Thai police create fake FB app to get Thai net users’ information, target users trying to open blocked sitesSubmitted by prachatai on Fri, 20/06/2014 - 11:17
When users try to access a blocked website, they are sometimes redirected to a landing page called “tcsd.info.” The web page would delude the users into navigating to a suspicious application on Facebook called “Login.” If users consented to the app, the users’ accounts were compromised.
TCSD is the abbreviation of the Technology Crime Suppression Division Police. There also appear on the web page the logos of the Ministry of Information and Communication Technology, the Royal Thai Police, the TCSD and the Central Investigation Bureau.
“Sorry for the inconvenience. The information you requested is blocked by the Central Investigation Bureau, the Royal Thai Police, and the Ministry of Information and Communication Technology.” It also gives the address of the TCSD, if users have questions.
The four suspicious buttons on the web page are “close,” “sign in with Facebook,” “sign in with Google,” and “sign in with Microsoft.”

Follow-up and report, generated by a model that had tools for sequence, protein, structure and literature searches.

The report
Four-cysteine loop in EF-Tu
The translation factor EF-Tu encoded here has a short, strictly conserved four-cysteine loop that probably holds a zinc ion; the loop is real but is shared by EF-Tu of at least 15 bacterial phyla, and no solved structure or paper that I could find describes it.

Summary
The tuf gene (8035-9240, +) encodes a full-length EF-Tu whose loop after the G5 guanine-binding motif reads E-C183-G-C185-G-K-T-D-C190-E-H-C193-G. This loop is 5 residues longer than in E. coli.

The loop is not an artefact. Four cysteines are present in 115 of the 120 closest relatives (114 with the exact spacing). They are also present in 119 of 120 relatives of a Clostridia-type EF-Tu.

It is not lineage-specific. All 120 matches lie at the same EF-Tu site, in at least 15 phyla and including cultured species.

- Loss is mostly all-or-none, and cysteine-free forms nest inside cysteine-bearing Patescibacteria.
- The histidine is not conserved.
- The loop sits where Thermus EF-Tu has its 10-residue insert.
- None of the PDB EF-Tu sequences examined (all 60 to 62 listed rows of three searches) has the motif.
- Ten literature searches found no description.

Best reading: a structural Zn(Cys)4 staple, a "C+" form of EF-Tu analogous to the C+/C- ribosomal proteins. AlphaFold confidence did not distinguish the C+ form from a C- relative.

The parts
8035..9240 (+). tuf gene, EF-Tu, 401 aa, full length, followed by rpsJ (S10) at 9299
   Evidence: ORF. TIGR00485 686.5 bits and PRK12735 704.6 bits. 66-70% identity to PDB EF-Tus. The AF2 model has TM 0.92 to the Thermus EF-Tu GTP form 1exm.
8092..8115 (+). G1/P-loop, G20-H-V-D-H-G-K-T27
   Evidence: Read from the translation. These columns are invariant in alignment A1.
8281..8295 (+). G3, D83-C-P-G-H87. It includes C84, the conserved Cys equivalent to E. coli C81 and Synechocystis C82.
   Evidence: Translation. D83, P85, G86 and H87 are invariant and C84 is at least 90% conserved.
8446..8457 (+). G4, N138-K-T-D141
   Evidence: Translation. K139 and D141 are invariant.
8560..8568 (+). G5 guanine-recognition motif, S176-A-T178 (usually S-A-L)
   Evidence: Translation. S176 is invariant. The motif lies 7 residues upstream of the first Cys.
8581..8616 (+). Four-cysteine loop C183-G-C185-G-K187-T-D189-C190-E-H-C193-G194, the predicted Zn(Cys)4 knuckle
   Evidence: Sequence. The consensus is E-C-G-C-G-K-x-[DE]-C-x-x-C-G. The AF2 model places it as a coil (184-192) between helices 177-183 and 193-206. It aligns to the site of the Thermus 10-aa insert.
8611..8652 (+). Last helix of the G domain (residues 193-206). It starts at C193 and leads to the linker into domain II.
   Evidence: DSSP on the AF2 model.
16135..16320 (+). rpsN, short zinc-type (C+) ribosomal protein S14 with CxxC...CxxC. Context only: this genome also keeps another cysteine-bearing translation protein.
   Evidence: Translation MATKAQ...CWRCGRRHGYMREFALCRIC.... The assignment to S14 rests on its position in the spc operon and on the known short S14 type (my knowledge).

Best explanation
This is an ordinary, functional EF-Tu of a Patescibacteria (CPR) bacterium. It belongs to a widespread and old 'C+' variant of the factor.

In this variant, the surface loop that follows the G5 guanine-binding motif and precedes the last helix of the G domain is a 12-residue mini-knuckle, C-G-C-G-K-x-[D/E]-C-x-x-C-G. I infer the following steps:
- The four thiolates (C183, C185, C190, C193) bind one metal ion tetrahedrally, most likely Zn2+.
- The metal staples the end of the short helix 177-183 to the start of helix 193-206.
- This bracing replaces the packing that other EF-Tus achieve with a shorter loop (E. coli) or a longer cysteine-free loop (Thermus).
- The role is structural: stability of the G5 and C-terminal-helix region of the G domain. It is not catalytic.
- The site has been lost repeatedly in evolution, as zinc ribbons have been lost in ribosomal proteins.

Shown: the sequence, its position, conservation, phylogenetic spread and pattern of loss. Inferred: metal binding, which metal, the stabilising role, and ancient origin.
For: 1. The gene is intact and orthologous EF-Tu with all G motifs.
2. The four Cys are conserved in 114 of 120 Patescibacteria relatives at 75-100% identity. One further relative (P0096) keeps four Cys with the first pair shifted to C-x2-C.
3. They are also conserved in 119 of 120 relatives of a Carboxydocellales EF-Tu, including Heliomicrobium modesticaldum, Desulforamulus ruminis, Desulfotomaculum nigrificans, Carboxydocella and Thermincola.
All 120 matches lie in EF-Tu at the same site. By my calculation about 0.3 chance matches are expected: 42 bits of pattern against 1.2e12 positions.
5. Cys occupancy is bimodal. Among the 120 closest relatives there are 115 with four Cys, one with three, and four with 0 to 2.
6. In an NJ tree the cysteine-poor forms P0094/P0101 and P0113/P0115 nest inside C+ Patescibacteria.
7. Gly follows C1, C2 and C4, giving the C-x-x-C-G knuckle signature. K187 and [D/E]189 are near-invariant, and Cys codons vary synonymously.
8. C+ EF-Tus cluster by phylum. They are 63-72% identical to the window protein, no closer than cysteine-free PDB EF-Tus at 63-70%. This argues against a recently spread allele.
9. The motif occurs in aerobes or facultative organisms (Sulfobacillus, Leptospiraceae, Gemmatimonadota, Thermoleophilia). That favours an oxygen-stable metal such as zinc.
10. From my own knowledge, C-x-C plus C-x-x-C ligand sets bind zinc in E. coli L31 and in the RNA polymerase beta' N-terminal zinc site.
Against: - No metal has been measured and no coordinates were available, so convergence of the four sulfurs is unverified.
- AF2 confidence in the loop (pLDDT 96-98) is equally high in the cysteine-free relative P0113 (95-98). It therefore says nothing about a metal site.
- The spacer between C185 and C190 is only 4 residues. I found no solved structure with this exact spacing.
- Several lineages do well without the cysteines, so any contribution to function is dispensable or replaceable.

If users clicked “close” or “sign in with Facebook,” they would be sent to a Facebook page which asks the users to grant permission for an application called “Login” to access the users’ email addresses and public profiles.
If users clicked “sign in with Google,” they would be redirected to a Google page which also asks the users to grant permission for an application called “TCSD” to access same kind of information.
Photo courtesy of the Thai Netizen Network
After the Thai Netizen Network, a NGO campaigning for Internet freedom, reported this on Thursday night, the “close” button disappeared on Friday morning. However, the “Sign in with Facebook” button is still on the page. If users clicked it, they would be sent to a consent page for the app called “TCSD,” which requests same kind of information.
In late May, Pol Maj Gen Pisit Paoin, head of the junta-appointed working group responsible for censoring the internet, told Thai media that the Ministry plans to spy on popular social media and chat applications in order to identify and arrest people who spread illegal content.
“We’ll send you a friend request. If you accept the friend request, we’ll see if anyone disseminates information which violates the National Council for Peace and Order (NCPO) orders,” the police said. “Be careful, we’ll soon be your friend.”